8 of Cups – Moving On

The 8 of Cups shows a person walking away from eight upright cups. He departs in the middle of the night and the only thing he takes with him is a staff for support.

The eight cups he walks away from symbolize his achievements and possessions. This suggests that he is dissatisfied, and maybe even disillusioned, by material wealth and status. What he has attained throughout his life has not produced the expected joy. In spite of his wealth, he feels no fulfillment.

By initiating his journey at night, he is being guided by the moon. As such, this is not a journey of adventure and excitement. Rather, what he is seeking is truth and self-awareness.

This card invites us to examine our purpose and ask whether our daily actions and accumulations are taking us to where we want to be. Are we holding onto things, statuses and relationships that do not serve our higher purpose? Do our current attachments hold us back from becoming who we are meant to be?

Sometimes, we find ourselves in difficult situations because of bad luck or poor decisions. Often times, however, the causes for our unhappiness is much more subtle and less dramatic. Instead of making poor decisions, we simply failed to choose. We allow the currents of the time and the will of others to take us down paths that lead us away from our destinies. By the time we stop, we’ve come so far that we have no idea how we got there and have even less clue on how to get back on track.

As difficult and frightening as this may be, once we discover that we are off track, we must do whatever it takes to find our way back. This can mean separation from things that makes us comfortable and things that we love. We may even have to leave all paths behind and venture off into uncharted territories with nothing but our own moral compass to guide us.

Don’t hold onto things that hurt us, or worst – numb us – because we fear change. Find courage to start anew because, as frightening as change may be, staying may be much more devastating in the long run.


Hexagram 24 – Return

One yang line lying underneath five yin lines create the image of early spring, when the days begin to grow long again – the time of year when light returns. Hexagram 24 describes a turning point of events and reminds us that darkness doesn’t last forever. Therefore, in the depth of pain and fear, do not despair.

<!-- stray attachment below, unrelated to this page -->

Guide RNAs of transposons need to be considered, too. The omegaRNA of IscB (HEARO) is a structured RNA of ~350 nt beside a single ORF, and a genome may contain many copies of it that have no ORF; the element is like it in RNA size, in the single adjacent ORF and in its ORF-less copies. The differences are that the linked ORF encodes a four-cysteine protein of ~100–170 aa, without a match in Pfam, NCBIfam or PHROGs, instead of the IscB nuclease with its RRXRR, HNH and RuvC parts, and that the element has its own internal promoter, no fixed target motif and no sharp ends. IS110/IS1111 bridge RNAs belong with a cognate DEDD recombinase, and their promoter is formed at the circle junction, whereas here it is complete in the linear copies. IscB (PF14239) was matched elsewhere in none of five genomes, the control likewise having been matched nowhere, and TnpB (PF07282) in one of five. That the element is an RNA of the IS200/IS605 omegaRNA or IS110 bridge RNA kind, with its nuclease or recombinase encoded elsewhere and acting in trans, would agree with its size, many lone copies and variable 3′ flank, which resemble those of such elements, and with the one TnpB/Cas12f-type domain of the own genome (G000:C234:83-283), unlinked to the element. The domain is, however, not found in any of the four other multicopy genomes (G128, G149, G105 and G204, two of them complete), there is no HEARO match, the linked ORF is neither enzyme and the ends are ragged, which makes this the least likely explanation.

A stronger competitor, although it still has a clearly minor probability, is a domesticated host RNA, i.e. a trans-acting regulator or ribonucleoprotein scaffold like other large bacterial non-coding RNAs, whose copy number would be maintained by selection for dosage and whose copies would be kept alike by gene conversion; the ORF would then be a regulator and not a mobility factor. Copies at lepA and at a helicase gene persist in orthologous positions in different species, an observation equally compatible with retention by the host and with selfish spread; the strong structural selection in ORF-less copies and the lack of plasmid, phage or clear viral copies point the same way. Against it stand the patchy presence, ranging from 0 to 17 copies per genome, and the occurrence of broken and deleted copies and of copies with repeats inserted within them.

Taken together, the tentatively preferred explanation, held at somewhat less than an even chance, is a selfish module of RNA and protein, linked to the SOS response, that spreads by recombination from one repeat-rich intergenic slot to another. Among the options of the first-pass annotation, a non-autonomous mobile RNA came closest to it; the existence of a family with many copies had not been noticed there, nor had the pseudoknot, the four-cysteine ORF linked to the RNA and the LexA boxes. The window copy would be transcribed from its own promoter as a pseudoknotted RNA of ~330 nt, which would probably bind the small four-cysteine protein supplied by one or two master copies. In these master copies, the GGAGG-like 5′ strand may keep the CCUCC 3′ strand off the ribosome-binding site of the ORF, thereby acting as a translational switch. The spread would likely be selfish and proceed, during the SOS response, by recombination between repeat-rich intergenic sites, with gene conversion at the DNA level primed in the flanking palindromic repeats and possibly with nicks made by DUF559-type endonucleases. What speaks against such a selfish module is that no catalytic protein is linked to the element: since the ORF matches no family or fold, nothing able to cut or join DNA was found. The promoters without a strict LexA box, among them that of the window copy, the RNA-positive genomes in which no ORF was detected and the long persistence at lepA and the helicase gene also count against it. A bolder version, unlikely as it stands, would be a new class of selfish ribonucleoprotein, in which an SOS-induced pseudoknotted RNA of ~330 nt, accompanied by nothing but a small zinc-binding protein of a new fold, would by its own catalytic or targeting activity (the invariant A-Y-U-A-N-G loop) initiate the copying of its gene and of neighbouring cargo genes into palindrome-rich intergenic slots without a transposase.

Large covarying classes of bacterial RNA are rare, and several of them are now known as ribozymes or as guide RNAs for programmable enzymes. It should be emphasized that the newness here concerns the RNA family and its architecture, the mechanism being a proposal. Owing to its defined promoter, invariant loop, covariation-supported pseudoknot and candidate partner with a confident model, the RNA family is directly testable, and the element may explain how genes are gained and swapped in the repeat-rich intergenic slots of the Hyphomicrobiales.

However, do not confuse this hexagram’s message as a mere assurance that things are going to get better. It promises no such thing. What it tells us is that there is an opportunity to turn away from our current path.

Furthermore, if we do choose to take advantage of this opportunity, we have to return to our centre of balance before we can pivot in any other direction. In other words, before we can take physical or mental action towards change, we have to stop what we are currently doing first. Use this time to rest and return to our original nature by stripping ourselves of excess. Only after we’ve cleared our foundation of rust and mold can we begin building again.

Nine on line 1:

Those who are conscientious of right and wrong never stray far from the path. Even if errors are committed, it does not take long to return to the true course. Everyone makes mistakes but the difference between the superior and the petty is that the superior ones learn from them. As a result, they become stronger with each return to the true course. In this way, they are able to turn their mistakes into good fortune by utilizing them as lessons.

Six on line 2:

It takes competence and a measure of luck to succeed upon a first attempt. For the many of us who do not possess such wisdom or good fortune, success is achieved through the willingness to pick ourselves up and try again after experiencing failure or disappointment. To return to the beginning after rest and contemplation shows determination and maturity.

Six on line 3:

To make mistakes is normal. To make the same mistakes over and over again demonstrates lack of self-control and carelessness. While the I Ching commends those who have the courage to return to the correct course after being led astray, effort must be taken to act more carefully after each return in order to move forward.

Six on line 4:

Sometimes the mistakes that lead us away from the correct path are made as a group. When we find ourselves in company with people who are walking away from our true destination, we must separate ourselves from the crowd, even if it means traveling alone.

Six on line 5:

Do not allow errors to turn into regrets by refusing to acknowledge one’s own mistakes. Be honest with ourselves and we will know which way to go when the time comes to choose between right and wrong.

Six on line 6:

Everything has its time and place. The period between discovering an error and taking actions to correct it is limited. If we do not act accordingly right away, this window of opportunity will close and we will be left with only regrets. Mistakes turn into disasters when we refuse to learn.



The first step to correcting an error is acknowledging that one has been made in the first place. This is more difficult than it sounds because humans are creatures of comfort. We seek pleasure and avoid pain. We do not like to feel stupid or sad so we try to avoid facing our mistakes or anything that frightens and upset us.

On the other hand, there are people who are extremely fixated on the negative. Those who are constantly focused on the unpleasant things in life, whether they blame themselves or others, are just as helpless. No meaningful change can be made with a negative attitude. We need to understand ourselves without judgement in order to know the source of our discontent and how it has occurred.

Then, once the source of the problem is identified, determination is required to do something about it. This is the purpose of acceptance. Without the will to change, acceptance of discontent will only result in defeat.